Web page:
Illustration by Ashleigh Johnson
Members of the Orange County Sheriff’s Department, federal intelligence officials, and security personnel: I am not a terrorist.
I am making this public announcement right now in order to forego any further difficulties that may arise next time I’m out in public shooting pictures. Whether it’s for the Lariat, for photography class assignments, or just for my own enjoyment, I am often stopped and told that taking pictures in public places or of government property is prohibited.
Well, it isn’t.
Two years ago, in the wake of a failed attempt to ban photography on all New York subways, the National Press Photographers Association hired a law firm to clarify the issue.
It released a memorandum on the rights of photojournalists to take pictures in public places, which concludes that there is “no specific post-September 11 federal law that grants the government any additional rights to restrict visual newsgathering, photojournalism, or photography in general.” What is more, photographers can take pictures of federal buildings from outside the property boundary.
Though the memo was issued nearly two years ago, this isn’t a dated issue. Only weeks ago, Miriam Jukaku, 24, a graduate student at Syracuse University of Indian decent taking pictures outside the VA Medical Center was questioned and ordered to delete images from her camera.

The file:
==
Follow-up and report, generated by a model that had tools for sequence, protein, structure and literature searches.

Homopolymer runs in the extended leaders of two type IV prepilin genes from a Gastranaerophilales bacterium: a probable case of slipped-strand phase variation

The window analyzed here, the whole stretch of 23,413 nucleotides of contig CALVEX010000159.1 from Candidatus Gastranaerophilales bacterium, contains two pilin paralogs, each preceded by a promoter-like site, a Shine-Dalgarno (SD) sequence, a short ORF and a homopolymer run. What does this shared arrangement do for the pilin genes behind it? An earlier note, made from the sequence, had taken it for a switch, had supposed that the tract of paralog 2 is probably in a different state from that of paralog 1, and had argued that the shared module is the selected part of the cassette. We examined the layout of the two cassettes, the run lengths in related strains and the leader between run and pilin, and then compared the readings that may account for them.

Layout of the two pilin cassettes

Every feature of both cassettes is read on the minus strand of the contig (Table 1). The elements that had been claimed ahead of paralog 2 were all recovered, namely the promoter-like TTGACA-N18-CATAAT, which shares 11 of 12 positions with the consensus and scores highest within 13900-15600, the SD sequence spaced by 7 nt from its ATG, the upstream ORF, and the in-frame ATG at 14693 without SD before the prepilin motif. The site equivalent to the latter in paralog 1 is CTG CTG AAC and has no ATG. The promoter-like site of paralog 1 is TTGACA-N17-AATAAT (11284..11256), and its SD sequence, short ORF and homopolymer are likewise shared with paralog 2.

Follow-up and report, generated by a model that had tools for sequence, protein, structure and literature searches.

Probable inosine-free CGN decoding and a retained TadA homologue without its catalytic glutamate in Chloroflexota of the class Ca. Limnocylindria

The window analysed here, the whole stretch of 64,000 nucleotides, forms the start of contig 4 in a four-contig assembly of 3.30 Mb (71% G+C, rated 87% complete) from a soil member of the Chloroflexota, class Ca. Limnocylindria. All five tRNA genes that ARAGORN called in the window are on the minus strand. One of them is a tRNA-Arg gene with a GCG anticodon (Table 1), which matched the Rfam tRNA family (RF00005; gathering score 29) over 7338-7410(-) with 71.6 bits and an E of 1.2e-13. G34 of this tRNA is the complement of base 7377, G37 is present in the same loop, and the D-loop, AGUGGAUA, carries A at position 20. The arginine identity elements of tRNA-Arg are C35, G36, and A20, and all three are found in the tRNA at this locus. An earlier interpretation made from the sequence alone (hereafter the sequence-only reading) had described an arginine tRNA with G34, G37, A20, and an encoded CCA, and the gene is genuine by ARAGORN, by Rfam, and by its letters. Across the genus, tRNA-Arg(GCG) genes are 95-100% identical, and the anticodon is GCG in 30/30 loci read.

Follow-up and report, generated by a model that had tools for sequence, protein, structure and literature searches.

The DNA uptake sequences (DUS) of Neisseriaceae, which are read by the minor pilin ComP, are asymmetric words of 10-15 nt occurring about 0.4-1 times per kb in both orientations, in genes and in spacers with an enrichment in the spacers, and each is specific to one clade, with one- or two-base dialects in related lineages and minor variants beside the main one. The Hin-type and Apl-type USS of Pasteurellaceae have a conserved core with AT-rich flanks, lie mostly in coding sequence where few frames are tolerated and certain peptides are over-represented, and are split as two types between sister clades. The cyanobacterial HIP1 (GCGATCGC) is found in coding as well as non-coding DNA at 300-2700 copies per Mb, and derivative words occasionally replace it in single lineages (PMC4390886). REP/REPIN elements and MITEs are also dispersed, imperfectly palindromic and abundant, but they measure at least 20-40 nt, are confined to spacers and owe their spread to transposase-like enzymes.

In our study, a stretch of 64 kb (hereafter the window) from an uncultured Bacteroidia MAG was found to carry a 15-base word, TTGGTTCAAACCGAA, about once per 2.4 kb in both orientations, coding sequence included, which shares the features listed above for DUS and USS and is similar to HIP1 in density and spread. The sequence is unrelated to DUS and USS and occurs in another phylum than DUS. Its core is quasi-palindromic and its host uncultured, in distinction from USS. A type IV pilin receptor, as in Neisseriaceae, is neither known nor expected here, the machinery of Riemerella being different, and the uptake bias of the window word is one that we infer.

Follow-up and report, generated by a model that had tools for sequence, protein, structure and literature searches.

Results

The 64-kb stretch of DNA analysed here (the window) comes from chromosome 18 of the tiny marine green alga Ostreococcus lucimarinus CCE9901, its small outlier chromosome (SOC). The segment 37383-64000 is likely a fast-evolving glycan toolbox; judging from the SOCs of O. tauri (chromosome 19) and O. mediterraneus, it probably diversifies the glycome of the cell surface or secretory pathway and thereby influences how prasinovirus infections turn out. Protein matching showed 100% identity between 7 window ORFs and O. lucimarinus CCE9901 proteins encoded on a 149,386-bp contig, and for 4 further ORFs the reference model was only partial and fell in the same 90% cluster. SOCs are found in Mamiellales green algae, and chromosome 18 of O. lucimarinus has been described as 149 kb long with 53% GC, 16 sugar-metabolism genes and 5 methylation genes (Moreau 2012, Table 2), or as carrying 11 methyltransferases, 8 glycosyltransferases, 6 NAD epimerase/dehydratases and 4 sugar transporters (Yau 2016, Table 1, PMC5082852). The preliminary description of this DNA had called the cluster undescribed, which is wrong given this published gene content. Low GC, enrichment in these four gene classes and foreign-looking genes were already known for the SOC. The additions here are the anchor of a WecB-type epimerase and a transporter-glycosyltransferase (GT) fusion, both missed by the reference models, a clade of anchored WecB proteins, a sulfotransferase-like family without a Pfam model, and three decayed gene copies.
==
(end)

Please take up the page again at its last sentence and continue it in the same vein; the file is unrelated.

Security officers copied her I.D. and driver’s license. They also asked her if she was a U.S. citizen.
Gordon Sclar, a spokesperson for the medical center later commented that, “There is a policy that requires if video or photographic equipment is being used on our property and we don’t know about it, [the operators] will be questioned. It’s a government building and we’re living in challenging times.”
The questioning is not what is under scrutiny here. Jukaku was within her legal rights to take pictures from the sidewalk (where she remained while shooting). It is that officers deleted images and photocopied the student’s I.D. where this falls into the harassment category. Sclar rightly apologized for these actions.
The post 9/11 world also happens to be the age of the digital camera, and cameras in the public’s hands are more of a reality now than they have ever been. They will only become more of a force in the coming years.
We may be living in “challenging times” but things aren’t going to get any easier in this regard. Fear is not altogether unjustified. Questioning in many instances may not be unjustified either. Rather, photographer-citizens should be given the benefit of the doubt and be allowed to take pictures after security officials have addressed them with the due respect and prudence that citizens expect from their law enforcement.
Whether it’s their everyday lives, friends, fellow citizens or the buildings and structures that dot and shape our landscape, photography affords people a chance to explore and document their world.
Members of a free society are especially keen to take advantage of this opportunity.
So, to reiterate: photographers are not terrorists.
It’s important that officials at Saddleback and Irvine Valley College photographers know that when taking pictures in public places, we don’t want to blow up buildings or bring down the government.
We just want to take pictures.